History’s Top Brain Computation Insights: Day 8

A dog being trained to jump on command over the course of 20 minutes8) Reward-based reinforcement learning can explain much of behavior (Skinner – 1938, Thorndike – 1911, Pavlov – 1905)

B. F. Skinner showed that reward governs much of human and animal behavior. He discovered operant conditioning, a method for manipulating behavior so powerful he could teach a pigeon to bowl (or a dog to jump on command; see figure). This was an expansion of Thorndike's Law of Effect, which says that behaviors associated with a reward will be reinforced, while behaviors associated with no reward will not. Both Skinner and Thorndike expanded on earlier work by Pavlov, which showed that some reflexes can be conditioned using paired stimulus presentation (e.g., a bell with food later causes salivation to a bell alone).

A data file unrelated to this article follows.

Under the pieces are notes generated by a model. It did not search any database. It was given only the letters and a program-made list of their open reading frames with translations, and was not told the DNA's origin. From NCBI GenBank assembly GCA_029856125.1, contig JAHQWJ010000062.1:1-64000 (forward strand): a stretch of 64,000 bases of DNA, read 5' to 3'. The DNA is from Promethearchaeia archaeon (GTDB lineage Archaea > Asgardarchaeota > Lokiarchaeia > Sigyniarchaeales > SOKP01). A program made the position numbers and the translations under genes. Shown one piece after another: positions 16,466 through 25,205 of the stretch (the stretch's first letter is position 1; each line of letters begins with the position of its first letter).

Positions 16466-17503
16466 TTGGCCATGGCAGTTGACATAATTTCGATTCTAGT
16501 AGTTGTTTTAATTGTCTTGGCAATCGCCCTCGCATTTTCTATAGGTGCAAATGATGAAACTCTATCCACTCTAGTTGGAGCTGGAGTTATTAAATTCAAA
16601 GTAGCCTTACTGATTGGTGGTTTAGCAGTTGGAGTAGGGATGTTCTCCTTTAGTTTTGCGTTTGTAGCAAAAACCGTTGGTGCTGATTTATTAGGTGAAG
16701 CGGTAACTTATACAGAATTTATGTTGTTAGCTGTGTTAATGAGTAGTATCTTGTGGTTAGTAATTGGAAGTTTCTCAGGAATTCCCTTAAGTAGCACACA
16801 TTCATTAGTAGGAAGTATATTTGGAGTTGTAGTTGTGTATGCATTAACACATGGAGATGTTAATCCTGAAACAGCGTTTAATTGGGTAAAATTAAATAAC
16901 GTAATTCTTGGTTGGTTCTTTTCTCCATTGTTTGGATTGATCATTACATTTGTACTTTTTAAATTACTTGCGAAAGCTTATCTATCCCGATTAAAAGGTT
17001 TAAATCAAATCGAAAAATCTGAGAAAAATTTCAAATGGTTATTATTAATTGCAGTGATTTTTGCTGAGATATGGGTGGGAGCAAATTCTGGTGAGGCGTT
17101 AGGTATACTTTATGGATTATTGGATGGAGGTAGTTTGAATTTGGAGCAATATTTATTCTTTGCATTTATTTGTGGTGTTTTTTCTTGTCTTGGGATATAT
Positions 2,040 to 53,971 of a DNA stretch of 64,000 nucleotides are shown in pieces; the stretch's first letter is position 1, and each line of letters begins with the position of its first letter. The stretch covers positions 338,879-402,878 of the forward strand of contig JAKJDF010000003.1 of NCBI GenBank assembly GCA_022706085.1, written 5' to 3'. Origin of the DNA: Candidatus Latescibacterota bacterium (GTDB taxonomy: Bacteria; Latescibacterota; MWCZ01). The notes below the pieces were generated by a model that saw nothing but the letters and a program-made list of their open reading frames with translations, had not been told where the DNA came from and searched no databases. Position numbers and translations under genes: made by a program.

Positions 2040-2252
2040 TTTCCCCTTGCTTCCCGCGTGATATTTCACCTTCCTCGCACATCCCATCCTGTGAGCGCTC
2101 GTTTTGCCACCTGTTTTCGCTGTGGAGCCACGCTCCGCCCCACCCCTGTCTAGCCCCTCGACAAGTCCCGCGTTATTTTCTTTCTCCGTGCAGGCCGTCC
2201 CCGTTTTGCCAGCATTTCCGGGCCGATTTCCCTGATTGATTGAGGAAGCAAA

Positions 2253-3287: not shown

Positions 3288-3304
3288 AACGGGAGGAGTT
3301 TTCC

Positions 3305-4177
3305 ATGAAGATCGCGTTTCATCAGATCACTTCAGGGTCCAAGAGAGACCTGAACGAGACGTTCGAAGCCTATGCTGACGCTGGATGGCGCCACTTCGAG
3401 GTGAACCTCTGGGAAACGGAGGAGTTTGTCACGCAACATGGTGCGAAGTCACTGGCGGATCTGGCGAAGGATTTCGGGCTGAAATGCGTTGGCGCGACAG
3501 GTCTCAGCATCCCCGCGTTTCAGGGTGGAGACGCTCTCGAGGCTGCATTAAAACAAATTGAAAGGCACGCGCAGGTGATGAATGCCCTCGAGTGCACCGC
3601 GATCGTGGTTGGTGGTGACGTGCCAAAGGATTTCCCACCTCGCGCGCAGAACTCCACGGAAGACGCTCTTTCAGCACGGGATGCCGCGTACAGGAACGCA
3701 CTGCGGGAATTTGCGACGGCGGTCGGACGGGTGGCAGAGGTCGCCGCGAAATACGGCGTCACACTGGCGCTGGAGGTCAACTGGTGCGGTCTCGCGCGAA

Implication: The mind, largely governed by reward-seeking behavior, is implemented in an organ with distributed and modular function consisting of excitatory and inhibitory neurons communicating via electro-chemical synaptic connections.

[This post is part of a series chronicling history's top brain computation insights (see the first of the series for a detailed description)]


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